Review: Rum & Bones

Rum & Bones review

Davey Jones is dead! Well that’s what they say. Rumour has it that the Jolly Roger has been wrecked, but no bodies have been found. The kraken is roaming the seas in search of its master and the pirates of the seven seas have found mysterious pieces of eight in their holds.

The locker is open and whoever can gather the most pieces of eight will have the power to rule the seas. Get ready because the pirates are going to war!

A 2015 release by CoolMiniOrNot, Rum & Bones has players taking on the roles of famous Pirates and their crews as they perform boarding actions on other pirates in an attempt to steal their pieces of eight. These magical coins grant them immortality and the more they have, the more powers they will gather.

For the TL;DR version click here.

Opening the box

Specs on the box:

  • 2-6 players
  • Ages 14+ (my 9 year old is pretty good at the game, it’s actually fairly easy to play)
  • 45min

In the box we have more boxes! These contain all of the gorgeous miniatures that come with the game. There are 2 crews each made up of deck hands, Bosuns and 5 heroes. Each crew has their own ship board and deck of cards. Extra factions, as well as expansions for the starting factions can be purchased separately.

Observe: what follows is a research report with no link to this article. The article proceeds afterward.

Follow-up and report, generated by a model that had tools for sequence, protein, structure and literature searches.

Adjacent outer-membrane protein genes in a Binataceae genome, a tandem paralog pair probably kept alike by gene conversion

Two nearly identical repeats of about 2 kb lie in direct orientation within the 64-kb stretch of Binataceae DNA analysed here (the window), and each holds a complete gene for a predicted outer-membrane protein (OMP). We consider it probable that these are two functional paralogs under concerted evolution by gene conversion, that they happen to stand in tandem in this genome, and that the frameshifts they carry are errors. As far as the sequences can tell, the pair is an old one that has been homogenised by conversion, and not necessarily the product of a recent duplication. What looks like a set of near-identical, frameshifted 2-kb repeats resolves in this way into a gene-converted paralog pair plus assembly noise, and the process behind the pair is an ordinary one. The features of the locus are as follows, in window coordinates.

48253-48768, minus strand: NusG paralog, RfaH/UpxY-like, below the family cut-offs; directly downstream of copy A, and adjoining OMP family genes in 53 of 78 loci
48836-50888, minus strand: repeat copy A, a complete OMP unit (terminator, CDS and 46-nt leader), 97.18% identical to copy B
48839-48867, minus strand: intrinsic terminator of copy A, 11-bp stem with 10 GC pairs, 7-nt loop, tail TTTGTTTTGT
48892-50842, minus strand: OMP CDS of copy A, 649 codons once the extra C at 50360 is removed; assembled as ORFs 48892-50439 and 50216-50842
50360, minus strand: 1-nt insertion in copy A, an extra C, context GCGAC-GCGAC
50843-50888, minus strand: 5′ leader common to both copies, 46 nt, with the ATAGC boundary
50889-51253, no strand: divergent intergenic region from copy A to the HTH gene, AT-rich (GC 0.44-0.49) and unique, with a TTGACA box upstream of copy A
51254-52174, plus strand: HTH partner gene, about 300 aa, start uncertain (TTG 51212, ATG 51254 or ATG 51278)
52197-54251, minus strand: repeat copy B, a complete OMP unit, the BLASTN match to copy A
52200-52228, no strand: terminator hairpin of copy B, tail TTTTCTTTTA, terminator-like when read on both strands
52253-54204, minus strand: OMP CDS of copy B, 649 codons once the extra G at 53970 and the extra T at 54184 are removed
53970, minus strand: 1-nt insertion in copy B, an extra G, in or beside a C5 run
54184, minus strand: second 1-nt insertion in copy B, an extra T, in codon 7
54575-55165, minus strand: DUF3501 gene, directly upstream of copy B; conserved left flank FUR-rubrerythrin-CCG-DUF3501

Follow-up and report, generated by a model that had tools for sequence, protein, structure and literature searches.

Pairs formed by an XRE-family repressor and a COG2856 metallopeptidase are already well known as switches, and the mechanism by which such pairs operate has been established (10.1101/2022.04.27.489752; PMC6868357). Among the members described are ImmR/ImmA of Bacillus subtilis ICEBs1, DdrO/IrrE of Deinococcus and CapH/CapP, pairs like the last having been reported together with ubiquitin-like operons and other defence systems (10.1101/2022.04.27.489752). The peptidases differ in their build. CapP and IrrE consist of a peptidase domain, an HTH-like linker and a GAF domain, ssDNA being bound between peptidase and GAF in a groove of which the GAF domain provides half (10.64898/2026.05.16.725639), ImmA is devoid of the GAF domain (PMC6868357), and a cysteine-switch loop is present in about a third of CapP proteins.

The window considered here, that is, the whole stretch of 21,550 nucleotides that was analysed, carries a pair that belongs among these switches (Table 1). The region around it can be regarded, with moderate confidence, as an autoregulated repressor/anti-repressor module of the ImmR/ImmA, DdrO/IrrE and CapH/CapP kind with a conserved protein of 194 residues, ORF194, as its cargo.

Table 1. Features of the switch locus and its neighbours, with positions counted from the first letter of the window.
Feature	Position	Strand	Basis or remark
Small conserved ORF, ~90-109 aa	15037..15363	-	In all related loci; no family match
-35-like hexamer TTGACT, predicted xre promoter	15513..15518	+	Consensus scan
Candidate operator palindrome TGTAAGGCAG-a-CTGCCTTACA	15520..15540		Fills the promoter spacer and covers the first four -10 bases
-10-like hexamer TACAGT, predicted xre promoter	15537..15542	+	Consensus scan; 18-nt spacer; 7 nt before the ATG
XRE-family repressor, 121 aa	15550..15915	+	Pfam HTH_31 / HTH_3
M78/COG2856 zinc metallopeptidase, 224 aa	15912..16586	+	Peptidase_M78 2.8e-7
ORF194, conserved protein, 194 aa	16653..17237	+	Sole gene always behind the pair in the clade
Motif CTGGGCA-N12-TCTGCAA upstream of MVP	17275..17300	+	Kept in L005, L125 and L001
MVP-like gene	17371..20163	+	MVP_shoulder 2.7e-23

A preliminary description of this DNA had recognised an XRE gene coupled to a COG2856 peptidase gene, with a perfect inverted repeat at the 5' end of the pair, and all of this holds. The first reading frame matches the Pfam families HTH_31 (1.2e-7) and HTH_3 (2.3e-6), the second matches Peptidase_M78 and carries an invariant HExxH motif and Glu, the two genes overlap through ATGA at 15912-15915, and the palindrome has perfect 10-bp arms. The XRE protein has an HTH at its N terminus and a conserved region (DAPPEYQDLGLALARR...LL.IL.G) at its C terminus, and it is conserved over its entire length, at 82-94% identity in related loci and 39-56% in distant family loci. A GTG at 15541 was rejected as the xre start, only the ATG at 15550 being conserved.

Rum & Bones review
I am not a fan of these boxes but they keep the models safe.

Additionally there are boarding planks, tokens for pieces of eight, wound counters, status effect markers and tokens for objectives and sea creatures.

There’s also a gorgeous rule book. It’s an easy read with some lovely artwork and a good backstory. I just can’t get over how good it looks, although I’d like a bit more of the back story.

Card Sleeves

I used these Mayday sleeves to sleeve all of the cards. They won’t fit back into the plastic insert once they are sleeved but the cards are better protected.

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Theme

So as I have mentioned Davy Jones is dead and his power has been spread across the seven seas. The pirates are trying to steal his magical pieces of eight from each other in an attempt to wrest control of Davey Jones’s Locker for themselves.

The game focuses on an encounter between 2 pirate crews and how they attempt to sabotage their opponent’s ship so that they cannot chase them as they make off with their loot!

Gameplay

Setup can be a bit of a chore. There are quite a few components and if you use the boxes that the miniatures came in for storage then it will take some time to setup and pack away.

Lay out the ships side by side. Each player takes the crew he likes and their deck of cards. Then the 4 objectives are setup on their corresponding ships with 4 deck hands standing on each of them. The spawn point counters are placed and then everything else is placed within easy reach of everyone. Not difficult to setup, it’s just a lot of stuff to unpack.